The Dharma of Fight Club.

Via on Sep 3, 2013

 

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Man, I see in fight club the strongest and smartest men who’ve ever lived. I see all this potential, and I see squandering. God damn it, an entire generation pumping gas, waiting tables; slaves with white collars. Advertising has us chasing cars and clothes, working jobs we hate so we can buy shit we don’t need. We’re the middle children of history, man. No purpose or place. We have no Great War. No Great Depression. Our Great War’s a spiritual war… our Great Depression is our lives. We’ve all been raised on television to believe that one day we’d all be millionaires, and movie gods, and rock stars. But we won’t. And we’re slowly learning that fact. And we’re very, very pissed off.

~ Fight Club

Fight Club is a spiritual story; it is a story of a man trapped in terrible delusion and suffering who walks a spiritual path and makes some serious breakthroughs.

This might seem hard to believe since violence is such a fundamental part of the film, but ultimately it is revealed that violence doesn’t really help.

In the beginning, the unnamed narrator who I will just refer to as Edward Norton, is just going through the motions of life. He’s got a good job and money, but he can’t sleep because he knows something is missing from his life. He tries to fill that void with materialism. He spends a lot of time buying things and this doesn’t end up making him any happier.

He tries two methods for dealing with his suffering and they are both ultimately found to be unhelpful.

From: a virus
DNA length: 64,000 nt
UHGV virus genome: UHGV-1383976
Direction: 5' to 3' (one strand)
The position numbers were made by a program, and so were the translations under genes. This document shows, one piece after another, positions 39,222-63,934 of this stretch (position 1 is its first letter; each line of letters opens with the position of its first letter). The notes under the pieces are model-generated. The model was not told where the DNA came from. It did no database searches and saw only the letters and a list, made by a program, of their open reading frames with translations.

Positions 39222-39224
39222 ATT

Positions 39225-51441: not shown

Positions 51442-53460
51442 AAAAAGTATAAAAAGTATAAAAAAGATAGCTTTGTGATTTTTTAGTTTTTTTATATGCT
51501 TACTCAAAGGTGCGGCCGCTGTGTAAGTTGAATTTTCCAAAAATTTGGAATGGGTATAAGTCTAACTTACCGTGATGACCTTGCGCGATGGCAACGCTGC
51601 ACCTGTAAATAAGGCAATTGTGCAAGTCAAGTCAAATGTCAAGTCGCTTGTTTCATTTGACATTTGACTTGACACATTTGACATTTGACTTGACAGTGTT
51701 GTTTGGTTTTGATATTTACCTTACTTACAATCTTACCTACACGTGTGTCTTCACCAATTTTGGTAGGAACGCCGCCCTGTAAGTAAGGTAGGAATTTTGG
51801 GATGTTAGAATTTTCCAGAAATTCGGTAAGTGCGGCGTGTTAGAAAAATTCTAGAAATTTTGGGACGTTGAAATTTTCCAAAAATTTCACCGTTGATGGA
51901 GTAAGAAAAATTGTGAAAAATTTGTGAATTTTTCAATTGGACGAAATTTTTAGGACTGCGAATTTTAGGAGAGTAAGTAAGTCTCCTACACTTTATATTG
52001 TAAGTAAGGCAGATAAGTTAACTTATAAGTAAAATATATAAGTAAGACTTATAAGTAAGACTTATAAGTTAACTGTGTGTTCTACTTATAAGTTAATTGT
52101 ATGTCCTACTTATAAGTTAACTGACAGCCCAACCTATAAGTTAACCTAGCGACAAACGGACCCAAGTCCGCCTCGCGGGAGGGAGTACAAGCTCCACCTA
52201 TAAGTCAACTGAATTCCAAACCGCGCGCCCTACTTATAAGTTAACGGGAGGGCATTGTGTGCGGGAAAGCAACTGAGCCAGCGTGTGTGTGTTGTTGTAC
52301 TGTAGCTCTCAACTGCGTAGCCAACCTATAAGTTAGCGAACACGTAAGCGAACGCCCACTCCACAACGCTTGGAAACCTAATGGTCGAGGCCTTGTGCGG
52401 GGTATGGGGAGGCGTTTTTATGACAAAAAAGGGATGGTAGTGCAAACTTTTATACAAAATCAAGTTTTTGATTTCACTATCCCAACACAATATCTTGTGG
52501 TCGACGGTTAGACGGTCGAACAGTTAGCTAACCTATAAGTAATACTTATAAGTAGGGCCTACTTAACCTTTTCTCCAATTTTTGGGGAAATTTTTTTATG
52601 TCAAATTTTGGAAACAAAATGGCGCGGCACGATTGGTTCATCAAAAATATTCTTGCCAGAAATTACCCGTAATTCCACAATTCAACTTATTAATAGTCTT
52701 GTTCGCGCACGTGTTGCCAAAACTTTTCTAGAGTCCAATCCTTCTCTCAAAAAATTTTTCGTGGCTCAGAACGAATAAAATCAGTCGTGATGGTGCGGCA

We know from the story of the Buddha that his journey took a similar route.

The Buddha studied with two different hermit yoga teachers. They both taught him meditation practices that helped him a lot with his concentration and with finding temporary bliss states, but they weren’t really what he was looking for. They didn’t really impact the suffering of life in a meaningful way. Suffering is a really important concept in Buddhism.

It is one of the three marks of existence, the three characteristics that all sentient beings share.

First Edward deals with it by going to support groups for people that are dying. When he sees their suffering it helps him to mindfully understand his own. He gains a fundamental understanding of the first noble truth, that all of life is suffering and then he is able to sleep. But, ultimately he does find this practice isn’t what he’s looking for.

He also explains the Buddhist concept of impermanence, another of the three marks of existence, when he says: “On a long enough timeline, the survival rate for everyone drops to zero.”

So, he ends up creating a Fight Club. Men get together and punch each other to feel better about the suffering in life. There are a lot of men like Edward, who go through the motions of life, but don’t really live it. They join and the fight club grows and grows. But, ultimately, it doesn’t help him.

The Buddha tried ascetic practices after he studied with those two yoga teachers. He stopped taking care of his body to see if that would bring enlightenment. He put himself through more suffering to see if that would help and it didn’t. In the same way, Edward puts himself through a lot of suffering by getting into all of these fights.

Spoiler alert: There’s a big surprise in the movie. If you haven’t seen it, I don’t want to spoil it for you.

 

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Edward creates an alter ego. An imaginary person named Tyler Durden who he imagines as a lot cooler and better than himself. Tyler represents his ego, everything dangerous about himself. Tyler is the figure that stands between Edward and enlightenment, much like Mara, the evil being that appears when the Buddha is trying to attain enlightenment. Mara, like Tyler, is an extension of the Buddha’s ego.

Although, it should be noted, in a way, Tyler is helpful. Tyler helps challenge Edward’s preconceptions. He tells Edward that consumerism, modern materialistic, is useless.